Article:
Autumn books: experimental theatre

The fourth book in my Nature Autumn books series is a review of Science on Stage: from Doctor Faustus to Copenhagen, by Kirsten Shepherd-Barr. Nature‘s reviewer is Stuart Firestein.

"Copenhagen (Michael Frayn, 1998), Proof (David Auburn, 2001), Wit (Margaret Edson, 1995), Arcadia (Tom Stoppard, 1994) and A Beautiful Mind (Ron Howard, 2001): all recent winners of a Pulitzer, Tony, Olivier or Oscar, and all dramas about science and scientists. Along with the recent proliferation of television shows that feature science (the ubiquitous forensic-investigation series, for instance), these examples seem to give the lie to the Janus-faced cultural split between the humanities and sciences postulated famously by C. P. Snow in 1959. In the theatre, science is current, popular and topical. In the United States, for example, the Alfred P. Sloan Foundation, in a programme devoted to increasing public understanding of science and technology, devotes significant funds to encouraging artists and playwrights to create new works in the theatre using science themes, including financing productions as part of the First Light Festival in New York.

This intersection of research and performance is chronicled in Science on Stage by Kirsten Shepherd-Barr of the University of Birmingham, UK (I should disclose a connection here: Shepherd-Barr is the daughter of the Yale neuroscientist Gordon Shepherd, my postdoctoral mentor). As she points out, it is not an entirely new phenomenon: an eye-opening appendix lists 122 plays that make central use of scientific subjects, beginning with Marlowe’s Doctor Faustus (published posthumously in 1604) and Jonson’s The Alchemist (1610), and covering a further four centuries of theatrical literature and performance. Shepherd-Barr describes, analyses and interprets a host of theatrical scripts and performances with science as their themes. She provides important historical context and lots of interesting insights, especially regarding the most recent plays."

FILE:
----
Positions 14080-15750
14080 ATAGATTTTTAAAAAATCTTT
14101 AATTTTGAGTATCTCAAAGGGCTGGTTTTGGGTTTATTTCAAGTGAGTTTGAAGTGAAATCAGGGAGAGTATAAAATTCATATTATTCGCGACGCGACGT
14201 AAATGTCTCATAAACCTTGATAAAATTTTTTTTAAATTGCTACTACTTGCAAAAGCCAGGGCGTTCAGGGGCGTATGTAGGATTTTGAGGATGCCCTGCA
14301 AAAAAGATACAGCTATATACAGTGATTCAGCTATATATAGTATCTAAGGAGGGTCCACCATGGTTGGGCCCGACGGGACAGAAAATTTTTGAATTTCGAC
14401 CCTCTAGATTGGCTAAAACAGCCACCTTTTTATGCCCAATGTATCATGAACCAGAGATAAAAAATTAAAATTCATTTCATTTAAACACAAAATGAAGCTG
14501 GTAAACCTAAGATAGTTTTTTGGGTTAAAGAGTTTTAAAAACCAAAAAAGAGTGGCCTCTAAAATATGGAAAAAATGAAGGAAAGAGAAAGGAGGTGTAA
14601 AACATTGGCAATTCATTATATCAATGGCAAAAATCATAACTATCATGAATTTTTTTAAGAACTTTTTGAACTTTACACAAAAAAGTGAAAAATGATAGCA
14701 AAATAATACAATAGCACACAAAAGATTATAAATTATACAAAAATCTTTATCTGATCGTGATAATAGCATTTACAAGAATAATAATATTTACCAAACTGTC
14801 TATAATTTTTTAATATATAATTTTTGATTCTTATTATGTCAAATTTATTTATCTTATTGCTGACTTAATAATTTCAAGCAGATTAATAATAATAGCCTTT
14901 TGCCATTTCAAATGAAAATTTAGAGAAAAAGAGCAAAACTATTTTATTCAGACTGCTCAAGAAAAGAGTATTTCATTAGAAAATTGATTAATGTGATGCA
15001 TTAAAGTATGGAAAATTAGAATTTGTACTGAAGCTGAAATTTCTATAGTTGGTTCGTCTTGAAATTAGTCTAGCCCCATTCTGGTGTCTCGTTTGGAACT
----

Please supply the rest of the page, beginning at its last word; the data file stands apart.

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2 thoughts on “Autumn books: experimental theatre

  1. I must say, though I am a humanities person (and barely passed “Fundamental Math” in college, and only after taking it twice), I loved all of these plays. Of course, I also have a subscription to _Scientific American_ and I actually read the articles. When scientific ideas are written in a fashion explicable to laypeople, I am in heaven.
    By the way, another play that would fit in this category (at least, I think it would) is “Breaking the Code” about Alan Turing.

  2. Yes, I agree about “Breaking the Code – I saw it with Derek Jacobi, a very good play. It is probably included in the book.
    I also agree that it is more than possible to write and act about science in a comprehensible way to non-scientists — so long as the writer knows their subject and what they are trying to convey. So much of science “complication” is because the writer or conveyer doesn’t have a clear sense of what he/she is trying to convey.
    A good example of this is medicine – patients become world experts at the science of their condition. I have heard very eminent consultants get up at meetings and say that their patients know more about the scientific underpinning of their disease than the consultant her/himself. A little motivation goes a long way.

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